Thursday, 23 February 2017 2:25pm
New foods produced by novel techniques using electric fields and ultra-high pressures are likely spinoffs from a collaboration involving the University of Otago.
The University has joined forces with the New Zealand Food Innovation Network (NZFIN) in FoodSouth Otago, a partnership which will boost a food-science pilot plant on its Dunedin campus working on new food products.
The network will supply equipment for the facility and also employ a technical manager to work with clients on innovative-food projects.
Otago’s Head of Food Science and FoodSouth Otago Manager, Professor Indrawati Oey, says the collaboration will open the door for students and staff to new food projects, improve industry links and provide access to bigger and better processing equipment.
“We will develop prototype processed-food products that the company can further evaluate for health benefits, sensory properties and marketability.”
Prototype foods are being made in the University facility using new methods.
Grapes are being “electroporated” using pulsed electric-field processing to release bioactive ingredients and flavour compounds important in wine making. The same process can make cheaper cuts of meat more tender.
Professor Oey says the joint venture will include a high-pressure homogenizer, which can change the structure of foods by applying huge amounts of pressure, of up to 2,000 standard atmospheres.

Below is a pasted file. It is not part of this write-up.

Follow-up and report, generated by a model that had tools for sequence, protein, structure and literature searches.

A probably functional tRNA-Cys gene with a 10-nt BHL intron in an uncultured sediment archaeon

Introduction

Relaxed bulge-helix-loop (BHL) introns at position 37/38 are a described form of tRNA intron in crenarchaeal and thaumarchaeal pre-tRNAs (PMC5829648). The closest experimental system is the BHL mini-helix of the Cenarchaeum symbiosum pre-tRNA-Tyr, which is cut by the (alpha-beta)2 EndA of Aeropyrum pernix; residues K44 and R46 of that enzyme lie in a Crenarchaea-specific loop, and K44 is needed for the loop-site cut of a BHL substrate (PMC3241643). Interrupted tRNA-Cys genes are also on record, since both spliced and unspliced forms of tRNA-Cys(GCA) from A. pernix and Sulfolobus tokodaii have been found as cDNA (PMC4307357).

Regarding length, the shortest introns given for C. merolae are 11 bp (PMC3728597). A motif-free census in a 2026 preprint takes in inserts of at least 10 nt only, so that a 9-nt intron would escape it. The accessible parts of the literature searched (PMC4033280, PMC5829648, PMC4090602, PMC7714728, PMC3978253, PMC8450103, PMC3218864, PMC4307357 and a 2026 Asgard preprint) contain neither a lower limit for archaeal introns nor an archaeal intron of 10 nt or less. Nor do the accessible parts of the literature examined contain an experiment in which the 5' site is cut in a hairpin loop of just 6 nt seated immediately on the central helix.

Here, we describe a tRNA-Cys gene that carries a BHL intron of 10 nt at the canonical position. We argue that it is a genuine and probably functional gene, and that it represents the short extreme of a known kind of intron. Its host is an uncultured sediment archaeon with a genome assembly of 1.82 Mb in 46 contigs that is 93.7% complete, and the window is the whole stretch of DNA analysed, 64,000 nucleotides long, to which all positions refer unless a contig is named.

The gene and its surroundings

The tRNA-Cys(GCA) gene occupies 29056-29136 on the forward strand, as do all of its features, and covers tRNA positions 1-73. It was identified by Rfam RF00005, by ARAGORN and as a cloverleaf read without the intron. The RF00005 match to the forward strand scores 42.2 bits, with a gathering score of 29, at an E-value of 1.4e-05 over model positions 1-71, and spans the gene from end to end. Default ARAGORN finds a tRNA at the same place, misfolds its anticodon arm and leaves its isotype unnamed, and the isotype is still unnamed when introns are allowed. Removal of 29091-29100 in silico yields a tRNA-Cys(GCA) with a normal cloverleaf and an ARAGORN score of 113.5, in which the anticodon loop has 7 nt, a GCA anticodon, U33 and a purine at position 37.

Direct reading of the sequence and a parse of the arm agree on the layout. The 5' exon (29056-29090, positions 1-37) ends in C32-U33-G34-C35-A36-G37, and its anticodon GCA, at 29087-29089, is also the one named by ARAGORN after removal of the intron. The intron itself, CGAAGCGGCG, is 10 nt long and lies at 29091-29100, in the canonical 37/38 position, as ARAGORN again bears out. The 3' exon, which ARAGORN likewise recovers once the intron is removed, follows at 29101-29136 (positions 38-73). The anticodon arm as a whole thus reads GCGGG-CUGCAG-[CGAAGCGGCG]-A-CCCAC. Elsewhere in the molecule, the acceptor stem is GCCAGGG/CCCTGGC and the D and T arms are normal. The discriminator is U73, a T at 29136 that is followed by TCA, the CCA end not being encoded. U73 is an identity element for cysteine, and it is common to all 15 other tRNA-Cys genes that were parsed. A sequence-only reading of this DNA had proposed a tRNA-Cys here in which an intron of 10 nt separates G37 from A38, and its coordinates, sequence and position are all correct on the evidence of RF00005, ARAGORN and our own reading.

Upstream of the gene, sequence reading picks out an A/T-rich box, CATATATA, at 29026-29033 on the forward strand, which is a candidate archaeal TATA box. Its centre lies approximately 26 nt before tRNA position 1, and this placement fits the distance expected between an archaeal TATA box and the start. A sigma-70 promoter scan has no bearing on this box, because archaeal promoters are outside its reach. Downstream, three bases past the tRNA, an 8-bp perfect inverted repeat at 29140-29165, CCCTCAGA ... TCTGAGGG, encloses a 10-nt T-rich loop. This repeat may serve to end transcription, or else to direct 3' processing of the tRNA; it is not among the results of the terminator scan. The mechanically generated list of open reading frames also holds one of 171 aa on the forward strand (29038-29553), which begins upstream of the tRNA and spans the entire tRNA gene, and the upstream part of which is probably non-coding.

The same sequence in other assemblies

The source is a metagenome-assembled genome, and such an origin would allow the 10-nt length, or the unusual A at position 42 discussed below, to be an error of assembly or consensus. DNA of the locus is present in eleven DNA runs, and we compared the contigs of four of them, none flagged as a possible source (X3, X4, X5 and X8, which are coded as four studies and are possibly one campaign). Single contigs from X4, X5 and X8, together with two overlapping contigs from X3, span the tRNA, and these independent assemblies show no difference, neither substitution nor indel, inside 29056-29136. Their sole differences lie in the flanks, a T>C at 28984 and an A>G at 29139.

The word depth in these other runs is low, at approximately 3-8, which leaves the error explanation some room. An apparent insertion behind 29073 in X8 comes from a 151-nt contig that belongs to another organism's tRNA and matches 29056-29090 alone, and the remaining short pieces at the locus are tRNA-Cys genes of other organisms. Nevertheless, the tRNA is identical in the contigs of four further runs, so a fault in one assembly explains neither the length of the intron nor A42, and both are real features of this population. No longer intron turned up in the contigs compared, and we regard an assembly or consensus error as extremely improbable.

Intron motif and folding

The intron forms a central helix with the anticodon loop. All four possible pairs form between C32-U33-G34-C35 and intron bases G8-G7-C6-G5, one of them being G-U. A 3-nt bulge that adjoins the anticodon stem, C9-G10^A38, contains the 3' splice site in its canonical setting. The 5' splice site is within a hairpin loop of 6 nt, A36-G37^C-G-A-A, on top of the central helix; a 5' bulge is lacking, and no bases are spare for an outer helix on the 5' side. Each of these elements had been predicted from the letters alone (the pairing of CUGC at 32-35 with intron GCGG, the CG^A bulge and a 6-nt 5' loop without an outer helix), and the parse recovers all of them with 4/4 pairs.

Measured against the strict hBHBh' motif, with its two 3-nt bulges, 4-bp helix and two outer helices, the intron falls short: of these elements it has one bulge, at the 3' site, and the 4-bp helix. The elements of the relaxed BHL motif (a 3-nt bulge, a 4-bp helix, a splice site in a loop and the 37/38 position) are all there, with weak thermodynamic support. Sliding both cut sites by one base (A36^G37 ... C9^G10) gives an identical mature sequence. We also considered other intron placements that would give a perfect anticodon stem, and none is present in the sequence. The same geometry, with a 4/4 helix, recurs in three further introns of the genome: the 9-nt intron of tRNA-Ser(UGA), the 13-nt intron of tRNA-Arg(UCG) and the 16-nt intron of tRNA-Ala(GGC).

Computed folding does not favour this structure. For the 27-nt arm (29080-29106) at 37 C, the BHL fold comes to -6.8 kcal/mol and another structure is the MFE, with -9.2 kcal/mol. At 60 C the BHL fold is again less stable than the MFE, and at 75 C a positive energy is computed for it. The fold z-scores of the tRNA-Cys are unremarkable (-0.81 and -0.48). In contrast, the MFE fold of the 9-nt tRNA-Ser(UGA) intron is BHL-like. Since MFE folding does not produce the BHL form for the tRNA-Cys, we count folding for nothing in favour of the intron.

Deputy Vice-Chancellor (Research and Enterprise) Professor Richard Blaikie says the partnership illustrates the University’s “commitment to contribute to the economic development of New Zealand industry”.
“We do this via teaching and research also, but this initiative will help us assist companies to develop innovation products from concept right to in-market validation.”
The venture will have the wider NZFIN to draw on in Christchurch, Palmerston North, Auckland and Hamilton, Professor Blaikie says.
Enterprise Dunedin Director John Christie says the Grow Dunedin Partnership contributed $20,000 towards the initiative.
“Collaboration with the University of Otago is important in assisting to grow nationally and internationally competitive companies in the food sector.
“Giving local companies access to resources available from the University through the New Zealand Food Innovation Network is an exciting opportunity for a significant sector of our community.”
NZFIN South Island Manager John Morgan says the University has “strong food science and product development capability”.
“We are keen to work with them to extend these skills and help make them available to help the industry grow.”
The network, a government initiative funded by Callaghan Innovation, began in 2011 with funding of $21 million.
For further information, please contact:
Professor Indrawati Oey
Head of Food Science
University of Otago
Tel 03 479 8735
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